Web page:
This is the fourth of five posts about working on episode four, Paradise, during season four of Criminal Minds. I spoke with CliqueClack.com about some of my production experiences, and I have a gallery of images from the shoot at Flickr. Please note that I've done my best to recreate my interactions with the cast and crew, but this isn't a perfect, literal translation of the entire experience.
My second day of filming was on a location that was very familiar to me. In Montrose, just a few miles down the hill from where I grew up in La Crescenta, there is a wonderful camp called Camp Max Straus. It was established in 1938, and is a nonsectarian camp for underprivileged kids. It's an important place to me, because it isn't just close to where I grew up, it also happens to be where my brother and sister in-law got married a few years ago.
We were shooting what's called a "split," where we start production about halfway through the day, so we could film some scenes in daylight, and get some night shooting done, also. Shooting splits is tough; we spend the first part of the day racing against the sunset, and the second part of the day racing against the dawn. By the time the deepest, darkest part of the night rolls around, a lot of us are on our way to Bat Country, and any production that shoots splits for several days in a row can develop a real morale problem. Luckily for us, we were only doing one split day before we went back into the studio to wrap up the week.
This was my first real acting day, and the only time I'd get to interact with any of the series regulars (in this case, Thomas Gibson.) Even though I've been acting as long as I can remember, and even though I'm certainly a veteran with a lot of experience, I was nervous. There's a certain rhythm that series regulars have with each other and their crew, and as a guest star, I have to find that rhythm and adapt to it as quickly as possible. It's kind of like rowing, I suppose, and I didn't want to be the one guy who was out of sync. I also hadn't been on camera in a long time (running in front of a truck the previous night doesn't count), and though it's very much like riding a bike, I didn't want to waste a lot of everyone's time while I remembered how to do it.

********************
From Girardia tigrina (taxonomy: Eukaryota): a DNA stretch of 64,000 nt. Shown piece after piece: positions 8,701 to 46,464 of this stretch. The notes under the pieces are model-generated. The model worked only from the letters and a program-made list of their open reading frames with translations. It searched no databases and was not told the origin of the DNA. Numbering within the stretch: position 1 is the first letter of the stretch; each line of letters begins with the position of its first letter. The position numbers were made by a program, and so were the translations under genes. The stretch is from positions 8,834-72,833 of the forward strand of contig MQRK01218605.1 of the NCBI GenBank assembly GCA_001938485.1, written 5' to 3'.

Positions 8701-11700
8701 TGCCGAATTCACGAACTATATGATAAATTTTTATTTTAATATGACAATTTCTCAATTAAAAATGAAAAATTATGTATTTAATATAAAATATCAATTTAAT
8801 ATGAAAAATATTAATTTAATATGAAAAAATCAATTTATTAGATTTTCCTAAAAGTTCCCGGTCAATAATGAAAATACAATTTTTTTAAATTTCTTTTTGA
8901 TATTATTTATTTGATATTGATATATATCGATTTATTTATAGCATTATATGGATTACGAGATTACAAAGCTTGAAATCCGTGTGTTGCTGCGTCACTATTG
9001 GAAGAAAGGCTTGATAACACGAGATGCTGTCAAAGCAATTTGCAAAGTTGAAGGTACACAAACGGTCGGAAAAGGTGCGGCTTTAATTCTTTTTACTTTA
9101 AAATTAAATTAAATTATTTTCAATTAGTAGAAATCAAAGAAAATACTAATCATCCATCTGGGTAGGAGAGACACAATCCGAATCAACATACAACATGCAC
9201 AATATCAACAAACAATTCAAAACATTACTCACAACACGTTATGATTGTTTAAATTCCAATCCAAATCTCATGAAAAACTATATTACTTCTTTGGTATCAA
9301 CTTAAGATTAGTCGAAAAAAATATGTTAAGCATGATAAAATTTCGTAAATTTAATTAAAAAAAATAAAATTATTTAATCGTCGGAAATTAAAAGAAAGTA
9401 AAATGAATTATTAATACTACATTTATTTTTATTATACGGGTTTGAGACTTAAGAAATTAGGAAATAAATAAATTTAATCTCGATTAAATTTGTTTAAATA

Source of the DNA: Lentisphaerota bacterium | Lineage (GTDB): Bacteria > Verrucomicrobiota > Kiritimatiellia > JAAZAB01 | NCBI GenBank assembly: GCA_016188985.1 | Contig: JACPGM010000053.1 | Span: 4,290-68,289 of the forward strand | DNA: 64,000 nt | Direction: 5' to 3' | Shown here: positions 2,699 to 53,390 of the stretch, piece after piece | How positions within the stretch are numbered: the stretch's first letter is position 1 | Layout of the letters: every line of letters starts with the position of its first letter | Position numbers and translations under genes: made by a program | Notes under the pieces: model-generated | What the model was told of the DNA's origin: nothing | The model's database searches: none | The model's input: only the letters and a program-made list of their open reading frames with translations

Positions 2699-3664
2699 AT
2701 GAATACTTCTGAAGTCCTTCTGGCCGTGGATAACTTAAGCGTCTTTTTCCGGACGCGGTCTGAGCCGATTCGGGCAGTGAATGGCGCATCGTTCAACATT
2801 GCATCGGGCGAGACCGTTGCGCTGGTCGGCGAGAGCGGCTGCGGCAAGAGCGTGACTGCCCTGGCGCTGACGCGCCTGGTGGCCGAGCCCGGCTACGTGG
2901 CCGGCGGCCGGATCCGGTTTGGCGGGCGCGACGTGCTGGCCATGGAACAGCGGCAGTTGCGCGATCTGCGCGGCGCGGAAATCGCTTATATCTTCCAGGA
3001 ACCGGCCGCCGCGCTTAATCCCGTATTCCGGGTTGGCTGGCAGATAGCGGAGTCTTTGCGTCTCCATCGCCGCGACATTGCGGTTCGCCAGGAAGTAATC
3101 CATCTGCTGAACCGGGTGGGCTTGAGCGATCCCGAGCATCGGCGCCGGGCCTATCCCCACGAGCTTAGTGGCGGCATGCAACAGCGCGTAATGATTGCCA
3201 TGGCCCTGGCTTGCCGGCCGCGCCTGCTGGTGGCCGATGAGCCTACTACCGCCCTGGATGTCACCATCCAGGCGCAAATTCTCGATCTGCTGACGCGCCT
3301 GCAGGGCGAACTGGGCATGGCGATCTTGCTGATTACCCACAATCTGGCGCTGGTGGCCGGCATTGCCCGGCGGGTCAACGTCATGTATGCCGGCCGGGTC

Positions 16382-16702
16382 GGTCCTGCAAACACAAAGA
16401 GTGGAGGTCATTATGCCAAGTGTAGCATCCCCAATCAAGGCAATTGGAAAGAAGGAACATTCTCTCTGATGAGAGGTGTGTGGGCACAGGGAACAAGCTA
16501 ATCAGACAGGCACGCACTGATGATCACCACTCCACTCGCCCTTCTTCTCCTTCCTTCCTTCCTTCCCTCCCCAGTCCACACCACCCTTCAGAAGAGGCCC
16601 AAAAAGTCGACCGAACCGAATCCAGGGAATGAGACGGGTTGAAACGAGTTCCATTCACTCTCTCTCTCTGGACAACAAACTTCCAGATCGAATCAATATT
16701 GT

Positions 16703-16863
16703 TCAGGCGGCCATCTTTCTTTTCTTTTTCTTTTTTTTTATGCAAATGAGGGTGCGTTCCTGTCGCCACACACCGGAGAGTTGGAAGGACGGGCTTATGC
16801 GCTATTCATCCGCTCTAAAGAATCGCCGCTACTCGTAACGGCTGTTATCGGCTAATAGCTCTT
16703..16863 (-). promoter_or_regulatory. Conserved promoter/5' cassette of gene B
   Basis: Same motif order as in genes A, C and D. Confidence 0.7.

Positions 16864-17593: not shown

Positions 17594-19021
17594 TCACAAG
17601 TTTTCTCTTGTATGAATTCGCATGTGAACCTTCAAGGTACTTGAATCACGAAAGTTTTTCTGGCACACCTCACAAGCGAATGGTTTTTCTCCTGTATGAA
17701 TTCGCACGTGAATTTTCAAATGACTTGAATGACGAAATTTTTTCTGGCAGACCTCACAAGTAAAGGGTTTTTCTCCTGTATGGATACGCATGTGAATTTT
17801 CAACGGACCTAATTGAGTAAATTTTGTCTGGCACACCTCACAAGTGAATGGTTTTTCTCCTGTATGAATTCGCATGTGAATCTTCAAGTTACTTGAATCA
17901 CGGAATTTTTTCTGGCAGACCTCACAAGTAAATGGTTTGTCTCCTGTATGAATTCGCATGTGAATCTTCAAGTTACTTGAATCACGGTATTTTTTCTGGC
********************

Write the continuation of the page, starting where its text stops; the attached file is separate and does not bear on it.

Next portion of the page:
I prepared the scene in the usual way, and though I felt awkward during our first few rehearsals, everything came flooding back to me: how to unconsciously measure steps to hit my mark, how to make sure I'm finding my light without looking like I'm trying to find my light, how to make sure I hit the same position on every take so the focus puller doesn't get any unpleasant surprises, how to remember the lines and keep them fresh every time I say them. I did all this while I was finding the truth of the scene with Thomas. It was a lot harder than it sounds, and I did the whole thing with the voice of self-doubt screaming in my head, "They're all going to laugh at you! They're all going to laugh at you! They're all going to laugh at you!" I managed to pin it to a wall in a closet in my head, though, in a disturbing and poetic display of beautiful violence. Seriously, STFU, voice of self-doubt.
After we worked out the first part of the scene, we added the second part of the scene, which starts when the dad who is looking to stay the night comes into the office. The dad was played by Chicago Bears defensive tackle Tommie Harris. I guess Tommie is a huge fan of the show, and his people and the Criminal Minds people worked together to figure out a way for him to play a small part.
Um, in that spirit, I'd like to mention that I am a huge fan of How I Met Your Mother . I don't exactly have "people," but, you know, if anyone from that show wanted to get in touch, I'm pretty easy to contact. Ahem.